UT Southwestern

We're learning more about depression and its impact on our daily lives, but there's still a long way to go when it comes to understanding how it affects teenagers, specifically.

Dr. Madhukar Trivedi with UT Southwestern Medical Center is leading a program in North Texas schools as part of long-term research to identify, study and treat teenagers with or at risk for depression.

Shutterstock

You may think of pain as just pain. How you experience that pain, though, might depend on whether you're a man or a woman.

Shutterstock

Since the recession of 2008, and the housing market crash, fewer Americans are able to purchase a home. And a new report from The Pew Charitable Trusts finds that since then, many families have become "rent burdened" and struggle to pay the bills. 

Brandon Wade / Fort Worth Star-Telegram

North Texas seems to be a prime place for dinosaur discovery, with numerous fossils spotted through the years by professional paleontologists and avid collectors alike. Among the most recent finds: a prehistoric crocodile that apparently liked to eat dinosaurs.

Shutterstock

Dallas is warming at a faster rate than any other large city in the country, besides Louisville, Kentucky and Phoenix, according to research conducted for the Texas Trees Foundation.

Courtesy of UT Dallas

Along with our basic needs for nutrition, how we feel can play a role in what we choose to eat and how much we eat. A new study from the University of Texas at Dallas examines the reasons behind "emotional eating" with a focus on kids and how dietary habits develop in early childhood. 

Fredrik Broden / The Original Doug's Gym Facebook

After more than a half-century of whipping people into shape, a legendary Dallas gym closed down this past weekend.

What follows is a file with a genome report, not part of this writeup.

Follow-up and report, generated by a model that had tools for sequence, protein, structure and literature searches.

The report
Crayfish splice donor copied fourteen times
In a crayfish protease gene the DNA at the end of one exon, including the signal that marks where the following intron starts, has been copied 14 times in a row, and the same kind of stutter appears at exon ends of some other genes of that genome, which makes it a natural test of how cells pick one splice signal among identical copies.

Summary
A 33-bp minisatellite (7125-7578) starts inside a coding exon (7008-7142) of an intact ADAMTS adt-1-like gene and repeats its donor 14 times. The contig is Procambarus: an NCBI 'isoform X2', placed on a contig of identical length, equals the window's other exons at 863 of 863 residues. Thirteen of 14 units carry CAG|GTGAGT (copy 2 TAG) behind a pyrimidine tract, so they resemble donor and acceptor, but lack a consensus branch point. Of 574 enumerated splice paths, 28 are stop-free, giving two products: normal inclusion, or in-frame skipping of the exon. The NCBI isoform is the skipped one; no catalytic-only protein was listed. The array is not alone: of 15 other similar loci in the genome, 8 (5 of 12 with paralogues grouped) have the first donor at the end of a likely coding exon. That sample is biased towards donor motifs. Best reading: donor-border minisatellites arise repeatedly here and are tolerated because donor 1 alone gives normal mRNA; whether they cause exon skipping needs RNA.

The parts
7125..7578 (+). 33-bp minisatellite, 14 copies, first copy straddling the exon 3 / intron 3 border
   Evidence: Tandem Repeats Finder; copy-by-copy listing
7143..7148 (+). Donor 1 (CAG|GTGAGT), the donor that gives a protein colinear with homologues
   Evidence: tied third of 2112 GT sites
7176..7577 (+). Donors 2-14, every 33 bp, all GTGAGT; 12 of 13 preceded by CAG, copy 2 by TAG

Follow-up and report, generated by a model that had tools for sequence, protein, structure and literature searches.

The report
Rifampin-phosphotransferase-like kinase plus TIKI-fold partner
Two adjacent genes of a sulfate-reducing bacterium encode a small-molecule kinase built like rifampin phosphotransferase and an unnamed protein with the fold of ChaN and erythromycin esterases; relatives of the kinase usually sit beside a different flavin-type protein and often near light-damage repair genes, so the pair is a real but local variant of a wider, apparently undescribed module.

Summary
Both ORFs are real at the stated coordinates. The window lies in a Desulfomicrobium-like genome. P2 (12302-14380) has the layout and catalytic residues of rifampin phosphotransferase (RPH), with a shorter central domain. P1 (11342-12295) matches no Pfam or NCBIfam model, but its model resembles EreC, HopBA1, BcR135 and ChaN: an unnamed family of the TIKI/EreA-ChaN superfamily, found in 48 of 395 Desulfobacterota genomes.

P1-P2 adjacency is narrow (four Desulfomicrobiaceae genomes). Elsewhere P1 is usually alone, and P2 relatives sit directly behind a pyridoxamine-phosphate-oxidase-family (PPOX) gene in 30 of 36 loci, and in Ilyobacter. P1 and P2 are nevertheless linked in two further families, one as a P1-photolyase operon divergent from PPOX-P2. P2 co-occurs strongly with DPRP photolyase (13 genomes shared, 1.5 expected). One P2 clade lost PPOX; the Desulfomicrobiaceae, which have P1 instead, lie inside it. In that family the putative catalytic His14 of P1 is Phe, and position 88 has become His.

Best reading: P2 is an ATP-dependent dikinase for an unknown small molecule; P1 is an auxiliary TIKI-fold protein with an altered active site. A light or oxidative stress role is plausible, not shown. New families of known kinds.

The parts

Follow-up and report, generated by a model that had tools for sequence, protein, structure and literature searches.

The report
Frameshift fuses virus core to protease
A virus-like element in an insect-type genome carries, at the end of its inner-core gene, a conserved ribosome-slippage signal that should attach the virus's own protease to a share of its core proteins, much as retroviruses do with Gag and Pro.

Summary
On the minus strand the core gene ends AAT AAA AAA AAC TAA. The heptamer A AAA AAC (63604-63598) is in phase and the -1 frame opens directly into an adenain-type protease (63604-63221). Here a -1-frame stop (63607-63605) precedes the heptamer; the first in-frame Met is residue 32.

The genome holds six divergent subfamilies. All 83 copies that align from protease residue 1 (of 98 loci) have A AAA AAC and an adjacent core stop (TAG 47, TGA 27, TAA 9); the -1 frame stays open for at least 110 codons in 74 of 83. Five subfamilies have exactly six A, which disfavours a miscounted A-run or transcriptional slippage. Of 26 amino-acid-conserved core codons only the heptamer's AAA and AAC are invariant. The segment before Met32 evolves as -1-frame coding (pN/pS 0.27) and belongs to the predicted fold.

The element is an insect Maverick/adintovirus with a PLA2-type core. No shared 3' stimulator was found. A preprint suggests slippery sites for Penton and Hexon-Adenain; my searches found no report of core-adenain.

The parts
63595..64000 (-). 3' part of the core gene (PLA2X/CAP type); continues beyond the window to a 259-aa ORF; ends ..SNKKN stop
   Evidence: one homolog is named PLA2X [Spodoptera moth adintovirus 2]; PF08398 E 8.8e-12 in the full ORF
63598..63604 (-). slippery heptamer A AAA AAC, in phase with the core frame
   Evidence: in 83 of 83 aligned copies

Doug's Gym in downtown has been in operation for 55 years, after owner Doug Eidd came to Dallas from Corpus Christi in the fall of 1962. 

Centers For Disease Control

Hospitals in Texas and across the country are doing a better job these days in stopping the spread of antibiotic-resistant bacteria in health care settings.

But according to the Centers for Disease Control and Prevention, these so-called "superbugs" still kill up to 23,000 people a year.

bakdc / Shutterstock

This weekend, students will be marching in Dallas and across the country, calling for new laws to reduce gun violence.

Criminologist Nadine Connell is leading a research team that's trying to get a better grasp on how guns have affected K-12 schools. The University of Texas at Dallas researchers are creating a database of all school shootings in America since 1990.

Congressman Joe Barton Facebook page / Facebook

We've all made mistakes — it's a part of being human. Apologizing for those mistakes is part of being human, too, but it's not always easy.

We've seen an avalanche of apologies and pseudo-apologies made in the last few months — think Harvey Weinstein or Al Franken or, closer to home, Congressman Joe Barton

SMU

Minecraft is a popular video game that's sort of like virtual Lego. Players find and build stuff by themselves, or online with friends.

It's a simple formula that's attracted millions of fans — and Southern Methodist University professors.